Connection-Junction: The Synapse. It’s all about networking. Synapses connect nerve cells to each other, or to muscles and glands.
• The word synapse is derived from the Greek syn (together) and haptein (to clasp).
• There are an estimated 100-500 trillion (that’s 10^14) synapses in the human brain.
• The space (synaptic cleft) at the junction is narrow, only 20 nanometers wide.
• Messages travel down the nerve fiber in the form of an electric pulse known as the action potential. When they get to the synaptic terminal, these messages must be converted to a chemical signal that crosses the narrow cleft (within microseconds) to trigger a new electrical signal at the connecting nerve or muscle cell. The chemical signal is the neurotransmitter (glycine, acetylcholine, etc.).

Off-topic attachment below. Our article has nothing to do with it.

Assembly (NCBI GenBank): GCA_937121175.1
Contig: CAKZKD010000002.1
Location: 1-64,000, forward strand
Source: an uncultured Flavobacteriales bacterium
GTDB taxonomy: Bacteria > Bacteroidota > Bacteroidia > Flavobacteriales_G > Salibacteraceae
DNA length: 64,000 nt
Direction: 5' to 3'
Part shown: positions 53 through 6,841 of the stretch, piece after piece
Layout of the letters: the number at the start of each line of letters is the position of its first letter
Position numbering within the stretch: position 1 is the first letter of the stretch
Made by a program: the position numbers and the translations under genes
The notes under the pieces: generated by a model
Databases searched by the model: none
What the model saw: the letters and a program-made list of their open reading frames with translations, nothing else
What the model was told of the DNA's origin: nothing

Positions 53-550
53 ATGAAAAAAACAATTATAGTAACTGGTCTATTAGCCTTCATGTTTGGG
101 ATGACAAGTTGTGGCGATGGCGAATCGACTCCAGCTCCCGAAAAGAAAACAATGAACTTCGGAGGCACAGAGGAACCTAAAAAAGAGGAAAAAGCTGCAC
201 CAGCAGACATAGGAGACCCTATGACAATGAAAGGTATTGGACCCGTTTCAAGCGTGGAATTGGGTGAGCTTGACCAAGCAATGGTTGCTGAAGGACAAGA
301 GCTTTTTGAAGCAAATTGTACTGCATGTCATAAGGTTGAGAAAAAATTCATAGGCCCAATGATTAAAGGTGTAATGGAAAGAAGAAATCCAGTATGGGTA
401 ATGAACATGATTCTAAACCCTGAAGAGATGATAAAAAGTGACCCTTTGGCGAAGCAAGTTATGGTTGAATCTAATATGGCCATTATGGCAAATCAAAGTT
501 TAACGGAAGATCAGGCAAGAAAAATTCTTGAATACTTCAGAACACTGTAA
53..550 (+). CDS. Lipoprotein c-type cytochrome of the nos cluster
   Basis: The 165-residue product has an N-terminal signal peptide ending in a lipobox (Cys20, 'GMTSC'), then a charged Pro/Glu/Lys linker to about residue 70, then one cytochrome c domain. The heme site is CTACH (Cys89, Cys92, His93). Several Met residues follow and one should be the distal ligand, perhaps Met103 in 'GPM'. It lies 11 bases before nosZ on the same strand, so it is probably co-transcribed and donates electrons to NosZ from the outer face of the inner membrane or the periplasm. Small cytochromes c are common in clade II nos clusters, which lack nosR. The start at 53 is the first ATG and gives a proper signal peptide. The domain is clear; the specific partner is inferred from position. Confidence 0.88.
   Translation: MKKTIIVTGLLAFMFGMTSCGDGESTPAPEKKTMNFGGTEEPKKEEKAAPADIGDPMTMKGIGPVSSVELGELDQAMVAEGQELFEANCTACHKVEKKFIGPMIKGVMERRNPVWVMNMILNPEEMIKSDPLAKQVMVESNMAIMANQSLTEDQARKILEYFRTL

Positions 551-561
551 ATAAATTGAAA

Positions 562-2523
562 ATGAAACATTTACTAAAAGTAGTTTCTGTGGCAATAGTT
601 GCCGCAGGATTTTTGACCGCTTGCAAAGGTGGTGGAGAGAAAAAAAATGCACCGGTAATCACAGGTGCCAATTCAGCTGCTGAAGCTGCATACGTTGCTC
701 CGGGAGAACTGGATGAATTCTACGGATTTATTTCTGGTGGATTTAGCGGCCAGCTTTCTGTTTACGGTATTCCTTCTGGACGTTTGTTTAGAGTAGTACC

• These chemicals are packaged into small vesicles that lie just under the nerve membrane, docked and ready to fuse. When the action potential arrives, the vesicles execute a quick “kiss and run” to release the neurotransmitter into the cleft.
• Here is a beautiful scanning electron microscope image of a nerve ending in which the membrane has been sheared away, revealing hundreds of spherical vesicles ready to release their neurotransmitter cargo into the synaptic cleft.
• Synapses are targets for hundreds of toxins, psychoactive drugs and poisons including curare, cocaine, LSD and morphine. Botox is a formulation of botulinus toxin, and works by cleaving the proteins that allow the vesicles to fuse. By blocking neurotransmitter release, the nerve cannot signal the muscle to contract. Voila, no wrinkles!
Image from: http://www.cellimagelibrary.org/images/214